Audio, music dept. under scrutiny at BBC

Review warns of warns of 'growing pressure on resources'

LONDON -- The BBC's overhaul of its compliance procedures mounted in the wake of the Russell Brand and Jonathan Ross obscene phone calls is going in the right direction according to an independent report published Tuesday.

The wide-ranging report looking into the way the BBC's audio and music department monitors its output to prevent a repeat of the Ross/Brand scandal, which led to the resignation of Radio 2 controller Lesley Douglas in October 2008, is broadly positive.

But the review, commissioned by the BBC Trust, warns of a "growing pressure on resources" with "little room for slack" at the Beeb.

The report points to "significant cultural changes" in the way the BBC's audio and music department monitors its output saying senior management had "made strenuous efforts to ensure that compliance measures are effective and widely understood" and that "responsible staff put it into practice with diligence and effectiveness".

But the review called for further training and a "spring clean" of compliance processes, as well as a periodic review to deal with the growth of digital media.

The report, penned by former Ofcom executive Tim Suter and the former Radio Authority chief executive Tony Stoller, also warned of the "significant resource implications" of compliance processes, especially at BBC Radio 4, where much of the programming is commissioned from independent producers.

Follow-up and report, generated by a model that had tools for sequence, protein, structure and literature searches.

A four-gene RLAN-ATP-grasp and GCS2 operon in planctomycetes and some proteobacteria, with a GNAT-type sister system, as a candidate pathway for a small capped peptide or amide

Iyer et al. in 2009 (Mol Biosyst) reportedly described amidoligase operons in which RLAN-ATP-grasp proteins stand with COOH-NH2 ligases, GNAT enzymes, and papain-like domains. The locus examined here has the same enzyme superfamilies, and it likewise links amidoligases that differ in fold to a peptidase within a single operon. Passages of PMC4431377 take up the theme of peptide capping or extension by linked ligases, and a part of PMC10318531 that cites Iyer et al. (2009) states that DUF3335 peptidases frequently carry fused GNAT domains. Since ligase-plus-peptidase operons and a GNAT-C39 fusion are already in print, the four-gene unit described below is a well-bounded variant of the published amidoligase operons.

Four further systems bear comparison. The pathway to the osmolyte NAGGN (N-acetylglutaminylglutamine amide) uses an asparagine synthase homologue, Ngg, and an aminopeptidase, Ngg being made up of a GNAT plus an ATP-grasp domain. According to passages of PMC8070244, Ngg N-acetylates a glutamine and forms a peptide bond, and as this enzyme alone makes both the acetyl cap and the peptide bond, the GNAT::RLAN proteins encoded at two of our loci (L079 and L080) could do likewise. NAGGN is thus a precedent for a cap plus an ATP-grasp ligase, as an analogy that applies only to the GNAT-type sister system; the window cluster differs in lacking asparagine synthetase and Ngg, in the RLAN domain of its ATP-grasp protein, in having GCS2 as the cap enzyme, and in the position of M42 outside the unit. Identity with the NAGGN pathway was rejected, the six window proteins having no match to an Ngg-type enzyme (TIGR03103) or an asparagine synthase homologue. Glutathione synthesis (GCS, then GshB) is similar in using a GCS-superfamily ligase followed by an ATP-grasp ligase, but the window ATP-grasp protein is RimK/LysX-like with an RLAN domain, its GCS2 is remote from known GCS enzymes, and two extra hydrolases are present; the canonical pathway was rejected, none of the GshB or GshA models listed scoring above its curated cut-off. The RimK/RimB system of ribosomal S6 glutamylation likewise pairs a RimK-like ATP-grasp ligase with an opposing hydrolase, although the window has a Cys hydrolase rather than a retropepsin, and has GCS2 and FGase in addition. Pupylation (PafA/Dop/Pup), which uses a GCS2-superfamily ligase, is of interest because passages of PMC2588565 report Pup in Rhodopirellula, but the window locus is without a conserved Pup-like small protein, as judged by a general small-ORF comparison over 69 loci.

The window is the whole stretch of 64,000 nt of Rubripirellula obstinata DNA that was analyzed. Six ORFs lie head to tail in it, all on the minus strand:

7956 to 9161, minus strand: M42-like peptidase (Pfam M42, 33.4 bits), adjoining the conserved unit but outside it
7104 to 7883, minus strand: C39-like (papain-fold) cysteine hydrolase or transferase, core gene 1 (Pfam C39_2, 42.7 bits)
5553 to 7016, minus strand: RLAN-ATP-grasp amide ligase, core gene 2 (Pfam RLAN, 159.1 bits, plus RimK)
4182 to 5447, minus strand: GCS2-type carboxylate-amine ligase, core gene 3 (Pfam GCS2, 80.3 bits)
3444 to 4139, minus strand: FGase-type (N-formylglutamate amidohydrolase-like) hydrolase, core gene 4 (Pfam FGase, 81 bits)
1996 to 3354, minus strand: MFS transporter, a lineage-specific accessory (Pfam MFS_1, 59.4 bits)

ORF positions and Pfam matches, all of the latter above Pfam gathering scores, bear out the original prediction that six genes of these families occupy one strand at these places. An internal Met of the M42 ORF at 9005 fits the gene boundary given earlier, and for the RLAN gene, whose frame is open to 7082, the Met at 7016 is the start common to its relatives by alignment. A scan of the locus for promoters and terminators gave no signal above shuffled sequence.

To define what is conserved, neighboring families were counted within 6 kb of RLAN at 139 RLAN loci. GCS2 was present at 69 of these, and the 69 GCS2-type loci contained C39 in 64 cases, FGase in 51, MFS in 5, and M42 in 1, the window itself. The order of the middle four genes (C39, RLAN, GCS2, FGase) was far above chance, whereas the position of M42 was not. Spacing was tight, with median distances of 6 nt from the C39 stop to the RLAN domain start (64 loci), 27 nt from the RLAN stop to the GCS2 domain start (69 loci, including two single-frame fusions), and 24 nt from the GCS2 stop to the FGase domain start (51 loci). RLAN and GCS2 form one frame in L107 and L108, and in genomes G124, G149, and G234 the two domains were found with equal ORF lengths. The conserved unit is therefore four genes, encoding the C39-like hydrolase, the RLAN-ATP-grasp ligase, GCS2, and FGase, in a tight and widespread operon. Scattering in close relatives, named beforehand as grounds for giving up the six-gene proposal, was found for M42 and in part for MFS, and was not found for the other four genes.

The report also warned against any reduction in the compliance budget at the pubcaster.

"We have been made aware in the course of our review that there are significant resource implications of the existing compliance processes, especially in relation to independent production," Suter and Stoller said. "The pressure on BBC resources is already heavy. It is unlikely to get any lighter overall. The BBC will face increasing pressure to focus ever more of its spending onto actual content and away from 'overhead' costs."

The duo added that it's not the report's role to argue for more resources to be allocated to compliance but "we wish to reflect what we have observed -- which is that the system, as it is currently being operated, leaves little room for slack."
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